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What exactly is Apple TV? Is it a television? Is it a Mac?
Please note that this Q&A specifically refers to the original Apple TV which was discontinued on September 1, 2010. For information on the current Apple TV models, see "What are all the differences between the Apple TV 3rd Gen and Apple TV 4th Gen (Siri)? Which is best for me?"
Judging from e-mails received, one potential disadvantage of the decision to release the final product as "Apple TV" rather than the codename of "Apple iTV" is that some new users asked why Apple had decided to sell a television.
Despite the name, Apple TV is not a television. It uses software similar to the MacOS X application Front Row -- and runs a scaled down version of "OS X" -- but it was not designed to run the gamut of MacOS X software, and consequently, it is not a Mac either.
The Apple TV is a simple, compact -- 1.1 inches tall, 7.7 inches wide, and 7.7 inches deep -- "set top box" that makes it possible to wirelessly "stream" iTunes content -- "music, audiobooks, videos, TV shows, and movies" -- from as many as five Macs or PCs to an enhanced-definition or high-definition TV (and as of January 15, 2008, rent movies directly). It officially works with EDTV or HDTV sets with HDMI or component video and audio ports, but it also works with a limited number of SDTV sets.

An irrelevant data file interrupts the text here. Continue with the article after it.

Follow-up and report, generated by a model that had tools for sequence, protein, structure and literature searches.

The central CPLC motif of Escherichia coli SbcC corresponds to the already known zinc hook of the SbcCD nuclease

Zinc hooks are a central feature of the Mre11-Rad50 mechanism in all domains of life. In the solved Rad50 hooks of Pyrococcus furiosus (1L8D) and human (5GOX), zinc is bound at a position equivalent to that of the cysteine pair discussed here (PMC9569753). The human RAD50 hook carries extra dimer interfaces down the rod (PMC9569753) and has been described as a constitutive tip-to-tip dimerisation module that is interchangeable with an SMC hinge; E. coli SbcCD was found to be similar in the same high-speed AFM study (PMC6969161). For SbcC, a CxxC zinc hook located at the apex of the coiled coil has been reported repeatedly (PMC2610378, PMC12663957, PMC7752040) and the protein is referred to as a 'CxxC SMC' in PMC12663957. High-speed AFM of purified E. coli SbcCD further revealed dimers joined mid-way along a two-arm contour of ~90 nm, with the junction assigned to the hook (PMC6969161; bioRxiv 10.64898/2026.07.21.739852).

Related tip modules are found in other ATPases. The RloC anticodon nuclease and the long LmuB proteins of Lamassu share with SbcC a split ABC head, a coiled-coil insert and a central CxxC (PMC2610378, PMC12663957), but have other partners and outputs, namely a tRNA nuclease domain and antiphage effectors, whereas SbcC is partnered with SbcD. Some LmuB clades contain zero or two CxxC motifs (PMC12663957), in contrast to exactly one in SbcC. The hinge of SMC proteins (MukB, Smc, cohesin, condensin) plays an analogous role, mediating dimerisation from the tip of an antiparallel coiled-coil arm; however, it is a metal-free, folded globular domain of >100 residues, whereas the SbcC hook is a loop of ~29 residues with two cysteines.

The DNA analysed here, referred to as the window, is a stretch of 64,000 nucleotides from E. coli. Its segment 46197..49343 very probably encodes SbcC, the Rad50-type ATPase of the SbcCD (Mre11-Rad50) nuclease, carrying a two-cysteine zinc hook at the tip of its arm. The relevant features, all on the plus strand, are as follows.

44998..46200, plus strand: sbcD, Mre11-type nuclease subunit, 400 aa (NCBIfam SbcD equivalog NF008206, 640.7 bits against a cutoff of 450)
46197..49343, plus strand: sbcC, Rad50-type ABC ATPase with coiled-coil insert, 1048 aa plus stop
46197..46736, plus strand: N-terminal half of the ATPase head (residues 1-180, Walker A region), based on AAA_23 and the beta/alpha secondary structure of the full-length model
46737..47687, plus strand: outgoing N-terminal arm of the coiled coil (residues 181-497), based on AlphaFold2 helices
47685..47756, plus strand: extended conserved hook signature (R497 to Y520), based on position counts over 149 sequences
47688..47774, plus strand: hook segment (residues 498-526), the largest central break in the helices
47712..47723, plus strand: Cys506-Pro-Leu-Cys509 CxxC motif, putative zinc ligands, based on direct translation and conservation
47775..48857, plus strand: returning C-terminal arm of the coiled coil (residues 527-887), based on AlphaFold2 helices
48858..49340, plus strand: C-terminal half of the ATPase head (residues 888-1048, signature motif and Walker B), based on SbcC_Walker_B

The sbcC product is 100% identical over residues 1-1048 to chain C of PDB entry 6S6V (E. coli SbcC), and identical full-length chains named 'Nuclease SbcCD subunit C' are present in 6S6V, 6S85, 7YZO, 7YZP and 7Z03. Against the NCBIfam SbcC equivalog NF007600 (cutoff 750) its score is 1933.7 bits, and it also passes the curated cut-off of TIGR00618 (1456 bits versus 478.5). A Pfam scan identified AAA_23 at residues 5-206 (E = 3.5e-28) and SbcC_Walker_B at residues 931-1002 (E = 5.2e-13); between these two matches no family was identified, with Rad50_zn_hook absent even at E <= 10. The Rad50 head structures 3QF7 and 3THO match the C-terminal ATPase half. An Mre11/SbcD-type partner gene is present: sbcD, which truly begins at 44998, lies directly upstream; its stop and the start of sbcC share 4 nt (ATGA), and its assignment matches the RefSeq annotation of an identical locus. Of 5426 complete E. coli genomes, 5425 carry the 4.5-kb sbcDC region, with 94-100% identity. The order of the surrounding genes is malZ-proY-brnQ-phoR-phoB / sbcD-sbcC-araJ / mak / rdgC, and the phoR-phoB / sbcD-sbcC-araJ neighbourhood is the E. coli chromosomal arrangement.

Photo Credit: Apple, Inc.
On the Apple website, the company explains:
Say you've just downloaded Cars from iTunes. Instead of huddling around your computer to watch, you pop some popcorn while your computer wirelessly syncs your new flick to Apple TV. Then you pull up a seat, put up your feet, and pick up the included Apple Remote to play your movie on TV. Give yourself a hand: You've just changed the way you watch digital media.
As of January 15, 2008, Apple added new software that also makes it possible to rent movies directly from the television using the Apple TV.
Apple reports that the original internal 40 GB hard drive can hold up to 50 hours of movies and TV shows (at H.264 1.5-Mbps video at 640x480 with 128-Kbps audio, 720p maximum), up to 9,000 songs (assuming songs are 4 minutes long and encoded in 128-Kbps AAC), and up to 25,000 "Apple TV viewable photos transferred from iTunes". Apple likewise reports that the Apple TV released with a 160 GB hard drive on May 30, 2007 holds up to 200 hours of video, up to 36,000 songs, or up to 25,000 photos using the same formats.
It does not play CDs or DVDs nor does it allow one to record from television. However, for those accustomed to purchasing movies and television programs through the iTunes Store, the Apple TV does make it convenient to watch this content on a television, as well as most other content stored in iTunes, and starting January 15, 2008, it also provides an inexpensive "pay-per-view" option to rent movies directly from the television.